Modest countrywide anti-Morsi protests, clashes at Presidential Palace
Anti-govt rallies marking 2nd anniversary of Mubarak's ouster fail to draw large numbers, but that doesn't stop limited clashes from erupting outside Presidential Palace in Cairo
Ahram Online, Osman El-Sharnoubi, Monday 11 Feb 2013
Small, peaceful demonstrations hit the streets of Egypt on the second anniversary of former president Hosni Mubarak's ouster to protest against President Mohamed Morsi and the Muslim Brotherhood group from which he hails.
The day, however, turned violent when limited clashes erupted between protesters and police at the Presidential Palace in Cairo's Heliopolis district.
Skirmishes first broke out around 8pm outside the palace between hundreds of protesters and Presidential Guard personnel.
According to Al-Ahram's Arabic-language news website, the Presidential Guard sprayed protesters with water hoses after several anti-government demonstrators attempted to tear down the barbed wire surrounding the palace.
Egyptian Central Security Forces (CSF) pushed protesters arrayed outside the palace (located on Merghani Street) towards the nearby Roxy Square, as they moved forward from Salah Salem Street with their armoured vehicles firing teargas canisters.
A number of protesters responded by hurling rocks at security personnel.
Meanwhile, in Cairo's iconic Tahrir Square, only a few hundred protesters gathered to commemorate the anniversary of the end of Mubarak's thirty-year rule.
Laila, an elderly retired schoolmaster who preferred not to give her last name, made her way to Tahrir on a march from the nearby Ramses Square, in which dozens of other protesters took part.
"I'm here in hopes that Morsi will see that people are mad at him and that the people don't want him anymore," she said, adding that she was asking for "the fall of Morsi and the government."
When asked about the scant numbers taking part in the protest, Laila stressed that she was participating regardless of numbers.
"Oh Mubarak, tell Morsi: jail comes after the presidency," protesters yelled. The main stage at Tahrir played a recording of Mubarak’s resignation speech to the small crowd who applauded upon its conclusion.
Meanwhile, a group of people set up a football field on one side of the square for a planned five-a-side tournament.
Game coordinator Islam Nour El-Din said the initiative was intended to attract people to the square and not be afraid of participation.
"We want to send a message to people that the square is drug-free and thug-free," he told Ahram Online.
Another protester, Mohamed Ramadan, told Ahram Online that the protest is largely symbolic. "This demonstration is only to commemorate, it isn't decisive," he said, adding that the small number of people in Tahrir reflected that.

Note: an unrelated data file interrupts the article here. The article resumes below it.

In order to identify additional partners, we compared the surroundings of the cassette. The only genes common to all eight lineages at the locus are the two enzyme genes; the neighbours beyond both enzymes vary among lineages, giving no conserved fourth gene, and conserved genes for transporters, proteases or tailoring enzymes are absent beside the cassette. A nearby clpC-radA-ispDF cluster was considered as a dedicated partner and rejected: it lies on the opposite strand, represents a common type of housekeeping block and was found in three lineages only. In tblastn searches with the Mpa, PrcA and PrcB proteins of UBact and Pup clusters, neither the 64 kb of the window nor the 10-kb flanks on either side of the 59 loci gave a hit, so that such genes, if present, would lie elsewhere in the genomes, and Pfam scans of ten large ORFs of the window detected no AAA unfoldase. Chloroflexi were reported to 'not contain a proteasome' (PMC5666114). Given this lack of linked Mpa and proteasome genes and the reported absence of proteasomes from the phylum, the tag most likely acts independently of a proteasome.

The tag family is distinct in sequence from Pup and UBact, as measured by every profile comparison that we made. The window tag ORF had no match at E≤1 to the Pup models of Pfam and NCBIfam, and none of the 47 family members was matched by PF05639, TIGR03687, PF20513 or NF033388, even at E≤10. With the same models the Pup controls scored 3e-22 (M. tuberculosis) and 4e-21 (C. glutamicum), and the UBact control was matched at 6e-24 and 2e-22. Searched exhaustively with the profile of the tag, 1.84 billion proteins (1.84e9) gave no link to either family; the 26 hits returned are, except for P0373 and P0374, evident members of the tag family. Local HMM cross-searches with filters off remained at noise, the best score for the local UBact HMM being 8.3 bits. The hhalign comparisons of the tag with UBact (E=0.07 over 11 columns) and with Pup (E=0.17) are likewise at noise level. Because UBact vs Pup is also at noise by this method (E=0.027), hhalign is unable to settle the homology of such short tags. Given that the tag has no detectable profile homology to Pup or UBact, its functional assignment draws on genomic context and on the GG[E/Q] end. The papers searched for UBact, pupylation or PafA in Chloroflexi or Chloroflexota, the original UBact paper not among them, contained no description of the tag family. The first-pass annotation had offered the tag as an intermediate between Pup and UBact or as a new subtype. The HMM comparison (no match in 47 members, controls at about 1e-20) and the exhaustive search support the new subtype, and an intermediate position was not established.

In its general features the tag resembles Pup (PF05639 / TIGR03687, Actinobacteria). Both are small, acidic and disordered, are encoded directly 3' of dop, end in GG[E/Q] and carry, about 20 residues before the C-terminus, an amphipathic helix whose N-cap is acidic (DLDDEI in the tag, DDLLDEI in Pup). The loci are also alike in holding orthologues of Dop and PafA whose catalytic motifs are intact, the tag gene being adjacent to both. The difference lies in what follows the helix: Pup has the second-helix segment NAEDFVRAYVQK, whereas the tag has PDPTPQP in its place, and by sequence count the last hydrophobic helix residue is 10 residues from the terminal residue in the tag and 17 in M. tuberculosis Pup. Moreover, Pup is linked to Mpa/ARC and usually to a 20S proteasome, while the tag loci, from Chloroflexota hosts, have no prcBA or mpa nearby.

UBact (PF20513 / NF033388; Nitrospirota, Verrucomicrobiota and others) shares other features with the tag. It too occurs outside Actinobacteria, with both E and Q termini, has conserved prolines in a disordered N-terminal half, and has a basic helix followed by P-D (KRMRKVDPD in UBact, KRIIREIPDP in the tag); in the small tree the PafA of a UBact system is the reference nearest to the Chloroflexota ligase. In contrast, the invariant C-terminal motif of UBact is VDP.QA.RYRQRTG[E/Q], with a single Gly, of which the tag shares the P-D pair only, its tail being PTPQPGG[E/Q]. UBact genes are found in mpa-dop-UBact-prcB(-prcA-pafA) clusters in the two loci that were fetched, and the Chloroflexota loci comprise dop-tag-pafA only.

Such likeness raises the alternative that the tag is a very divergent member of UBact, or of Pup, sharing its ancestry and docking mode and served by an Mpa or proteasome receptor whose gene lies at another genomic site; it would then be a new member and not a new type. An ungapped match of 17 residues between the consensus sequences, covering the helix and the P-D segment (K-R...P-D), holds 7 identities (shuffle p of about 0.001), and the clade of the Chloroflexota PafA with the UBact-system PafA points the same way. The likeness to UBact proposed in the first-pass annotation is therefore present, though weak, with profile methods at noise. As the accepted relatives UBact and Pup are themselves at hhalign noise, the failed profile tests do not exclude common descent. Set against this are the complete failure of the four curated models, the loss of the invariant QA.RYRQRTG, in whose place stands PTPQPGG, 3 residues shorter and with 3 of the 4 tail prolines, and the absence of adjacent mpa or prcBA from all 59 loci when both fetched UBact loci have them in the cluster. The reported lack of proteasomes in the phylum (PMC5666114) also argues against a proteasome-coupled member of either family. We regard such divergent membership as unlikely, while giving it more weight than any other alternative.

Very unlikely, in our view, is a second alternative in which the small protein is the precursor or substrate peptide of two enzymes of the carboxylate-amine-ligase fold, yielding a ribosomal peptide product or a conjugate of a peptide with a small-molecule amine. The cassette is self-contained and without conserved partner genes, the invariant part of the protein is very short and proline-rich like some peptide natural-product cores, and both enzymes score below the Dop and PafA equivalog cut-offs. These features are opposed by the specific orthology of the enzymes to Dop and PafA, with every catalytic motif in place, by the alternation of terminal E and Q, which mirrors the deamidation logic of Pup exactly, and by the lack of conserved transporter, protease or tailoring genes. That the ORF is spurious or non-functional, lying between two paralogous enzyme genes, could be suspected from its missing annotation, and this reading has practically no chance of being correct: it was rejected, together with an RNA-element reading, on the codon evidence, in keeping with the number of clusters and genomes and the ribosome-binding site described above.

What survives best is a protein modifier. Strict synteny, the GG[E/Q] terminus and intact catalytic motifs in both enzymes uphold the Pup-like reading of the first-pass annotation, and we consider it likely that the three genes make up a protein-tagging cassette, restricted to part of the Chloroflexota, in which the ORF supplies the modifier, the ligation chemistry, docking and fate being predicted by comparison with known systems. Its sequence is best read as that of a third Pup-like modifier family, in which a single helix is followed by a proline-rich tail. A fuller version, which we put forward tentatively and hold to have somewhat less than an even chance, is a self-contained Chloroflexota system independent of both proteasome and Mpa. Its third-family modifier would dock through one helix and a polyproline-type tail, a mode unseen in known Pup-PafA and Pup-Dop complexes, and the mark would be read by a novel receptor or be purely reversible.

Ramadan said he was in Tahrir because he hadn't seen any change since Morsi assumed the presidency and because of the president's bad decisions.
"The economy is going downhill; prices have gone up 30 percent," Ramadan lamented.
The largest demonstration came from Cairo's Sayeda Zeinab district, where a few thousand marched towards Tahrir chanting against the Muslim Brotherhood and condemning the political group for failing to meet the revolution's demands.
Flags of the Socialist Popular Alliance Party and others of the Revolutionary Socialists could be seen waving at the Sayeda Zeinab protest.
In Alexandria, a few thousand people marched from Victoria Square, briefly blocking Abu-Qir Street and creating traffic congestions in several parts of the coastal city.
Hundreds demonstrated in Upper Egypt's Assiut, meanwhile, and tens in Qena demanding the fulfilment of revolutionary goals and against the Muslim Brotherhood.
According to Egyptian Social Democratic Party member in Assiut Hossam Hassan Amin, groups participating in the demonstrations included members of his party, in addition to those of the Free Egyptians, the Constitution Party, the Wafd Party, the April 6 youth movement and the Revolution Youth Union.
"The demonstration is to commemorate the ouster of Mubarak and send a message to Morsi that his fate will be similar to that of Mubarak if he does not meet the people's demands and provide retribution for the revolution's martyrs," Hilal Abdel-Hamid told Al-Ahram's Arabic-language news website.
In Tanta, hundreds more demonstrated around the city, screening videos in the centrally-located Martyrs Square showing violations committed since Morsi became president.
As of 10pm, limited clashes remained ongoing at the Presidential Palace between the CSF and tens of protesters.